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MOTIVATIONAL INTERVIEWING: HIV-Related Health Outcomes and Social Determinants of Health

by Callie Kaplan; Jamela Clark

Jan 14, 2020

Motivational Interviewing (MI) is a counselling technique that encourages individuals to lean on their personal strengths to overcome the challenges of change and set achievable goals. 


Studies investigating fidelity to MI principles show that adherence to the technique improves the likelihood of individuals successfully achieving their change goals in a myriad of areas such as ceasing tobacco use or medical adherence.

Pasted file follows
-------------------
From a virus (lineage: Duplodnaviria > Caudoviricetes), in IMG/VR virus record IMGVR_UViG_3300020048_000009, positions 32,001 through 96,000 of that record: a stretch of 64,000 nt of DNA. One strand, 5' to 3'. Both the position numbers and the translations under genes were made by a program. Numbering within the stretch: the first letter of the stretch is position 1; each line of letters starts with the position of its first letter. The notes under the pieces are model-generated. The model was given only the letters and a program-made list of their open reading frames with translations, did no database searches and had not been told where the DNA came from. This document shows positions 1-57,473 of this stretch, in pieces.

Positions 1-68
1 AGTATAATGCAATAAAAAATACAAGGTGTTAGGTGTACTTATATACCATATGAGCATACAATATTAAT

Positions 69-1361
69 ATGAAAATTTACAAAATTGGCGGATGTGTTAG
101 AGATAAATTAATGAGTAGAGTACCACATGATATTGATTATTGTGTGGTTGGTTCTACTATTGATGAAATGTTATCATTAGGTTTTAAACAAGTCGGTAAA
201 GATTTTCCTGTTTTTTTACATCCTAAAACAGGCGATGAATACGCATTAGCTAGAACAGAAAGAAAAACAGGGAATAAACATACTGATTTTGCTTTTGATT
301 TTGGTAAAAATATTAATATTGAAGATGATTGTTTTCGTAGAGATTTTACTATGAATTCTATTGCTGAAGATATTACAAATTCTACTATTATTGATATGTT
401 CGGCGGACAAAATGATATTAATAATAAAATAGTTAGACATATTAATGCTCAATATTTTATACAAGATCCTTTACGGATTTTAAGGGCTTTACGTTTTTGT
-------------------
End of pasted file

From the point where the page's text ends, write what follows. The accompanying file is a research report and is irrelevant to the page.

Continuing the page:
MI's success with encouraging individuals to adhere to medication and other health treatments is a point of interest for Heartland Alliance Health- Early Intervention Program (HAH-EIP). Medical adherence is imperative for successfully preventing and treating HIV, however, when participants face societal barriers to health success, also known as social determinants of health (SDH), medical adherence can seem impossible. In the presence of SDH, can MI help people living with or at risk for HIV successfully adapt to the changes necessary to sustain 100% medical adherence? Social IMPACT Research Center, in collaboration with HAH-EIP, explores this question as well as MI's origins, applications, and potential for preventing and treating HIV in their white paper, Motivation Interviewing: HIV-Related Health Outcomes and Social Determinants of Health.